When Hurricane Sandy tore through the Eastern US on the eve of the presidential elections, it seemed that a certain fatigue had found a strange mirror image in the libidinal force of completely absurd weather patterns, that a tired resignation to a lack of options in the political sphere had actually mutated into an apocalyptic revolution in the atmosphere. It was as if a negative omen had come with the prospect that the next global insurgency could arrive by way of non-human forces altogether—totally external to markets, but also to people.
In this issue, we return to an essay by Jodi Dean from 2009, before the Arab Spring and the Occupy movement, in which the political theorist warns against the deep pitfalls of taking democracy for granted as the absolute horizon of leftist political thought. For Franco “Bifo” Berardi in this issue, it is through the deployment of language as poetry that we can resist capture. Bifo has often traced the current sense of doom back further, to a death of the future that accompanied the economic stagnation of the 1970s. For Bifo, crucially, the future in the mercantile West was always pegged to economic growth and the promise of increasing wealth. But even in the case of the state-controlled economies in the East whose future prosperity was pegged to popular social and economic ideology, the future arrives as a kind of absolute currency. It is poetry that reactivates another sensation of time in the singular vibration of the voice.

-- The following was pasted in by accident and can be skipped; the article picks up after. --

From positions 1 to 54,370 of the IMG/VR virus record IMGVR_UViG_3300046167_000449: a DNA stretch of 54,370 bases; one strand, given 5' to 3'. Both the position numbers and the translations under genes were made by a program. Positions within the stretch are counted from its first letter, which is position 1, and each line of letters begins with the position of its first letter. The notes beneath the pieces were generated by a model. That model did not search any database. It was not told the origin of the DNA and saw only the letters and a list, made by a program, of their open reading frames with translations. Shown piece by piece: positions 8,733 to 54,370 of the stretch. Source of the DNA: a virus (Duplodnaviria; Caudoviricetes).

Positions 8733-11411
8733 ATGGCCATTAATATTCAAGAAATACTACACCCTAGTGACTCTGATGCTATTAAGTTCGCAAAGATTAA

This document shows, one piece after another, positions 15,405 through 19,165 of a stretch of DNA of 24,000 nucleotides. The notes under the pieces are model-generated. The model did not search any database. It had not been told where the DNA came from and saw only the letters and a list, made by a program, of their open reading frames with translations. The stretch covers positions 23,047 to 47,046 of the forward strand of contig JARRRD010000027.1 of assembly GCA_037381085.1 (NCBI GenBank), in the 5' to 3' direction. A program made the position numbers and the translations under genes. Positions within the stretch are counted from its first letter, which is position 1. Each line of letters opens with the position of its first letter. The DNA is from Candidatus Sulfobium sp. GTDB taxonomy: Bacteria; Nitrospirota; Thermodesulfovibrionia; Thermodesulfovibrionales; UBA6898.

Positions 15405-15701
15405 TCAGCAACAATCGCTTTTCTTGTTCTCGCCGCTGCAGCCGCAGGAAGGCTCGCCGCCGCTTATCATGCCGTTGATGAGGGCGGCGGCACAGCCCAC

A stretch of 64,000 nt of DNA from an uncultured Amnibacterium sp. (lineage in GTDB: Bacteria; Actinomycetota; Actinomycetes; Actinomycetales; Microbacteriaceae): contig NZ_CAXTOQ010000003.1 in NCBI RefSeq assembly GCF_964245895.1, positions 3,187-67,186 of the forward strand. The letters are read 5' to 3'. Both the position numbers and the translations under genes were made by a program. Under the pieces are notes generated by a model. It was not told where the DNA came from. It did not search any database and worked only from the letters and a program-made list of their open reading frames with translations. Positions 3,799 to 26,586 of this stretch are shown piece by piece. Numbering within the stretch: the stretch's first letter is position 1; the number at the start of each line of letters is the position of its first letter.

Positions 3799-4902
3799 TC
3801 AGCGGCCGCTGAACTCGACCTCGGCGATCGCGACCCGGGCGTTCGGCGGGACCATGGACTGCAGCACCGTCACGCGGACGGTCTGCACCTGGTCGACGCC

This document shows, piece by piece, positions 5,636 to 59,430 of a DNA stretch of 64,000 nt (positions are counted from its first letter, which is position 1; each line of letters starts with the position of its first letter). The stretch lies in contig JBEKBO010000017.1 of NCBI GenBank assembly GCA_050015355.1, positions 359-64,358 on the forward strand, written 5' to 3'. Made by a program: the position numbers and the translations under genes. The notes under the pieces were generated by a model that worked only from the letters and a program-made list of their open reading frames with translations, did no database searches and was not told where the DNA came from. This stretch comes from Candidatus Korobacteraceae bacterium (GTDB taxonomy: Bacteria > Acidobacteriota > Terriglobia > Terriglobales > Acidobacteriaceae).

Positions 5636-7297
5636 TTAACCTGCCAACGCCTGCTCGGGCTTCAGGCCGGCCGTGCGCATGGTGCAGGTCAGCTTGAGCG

Here we can also look to the resilience and sublime integrity of the works of Michael Asher (1943–2012), who passed away in October. In this issue, Michael Baers remembers Asher as his mentor at CalArts and through a final, unfinished work on the adaptive re-use of industrial factories by contemporary art institutions. Also in this issue, Mark Beasley reflects on Mike Kelly’s music projects as a search to recapture a popular voice offensive to the piety of tradition, but also to the formatting of the popular. And Jalal Toufic looks back to find a form of life that surpasses the terms of death in the story of Christ: “What is impossible for Jesus Christ as the life? Is it to “heal the sick” and “raise the dead” (Matthew 10:8)? No, such actions are possible for a God who is the life; therefore they are not miracles for him. What is impossible for Jesus Christ, the life, is to die … ”
Also, and this is a message from the future in December 2013: e-flux journal no. 39 now contains an essay by Cédric Vincent that should have been published in this issue, but was only conceived and written some months later. It focuses on an announcement sent on November 6, 2012 for one, or two, biennials in Benin and that showed how information spins the globalized art world in many directions simultaneously, for better or for worse.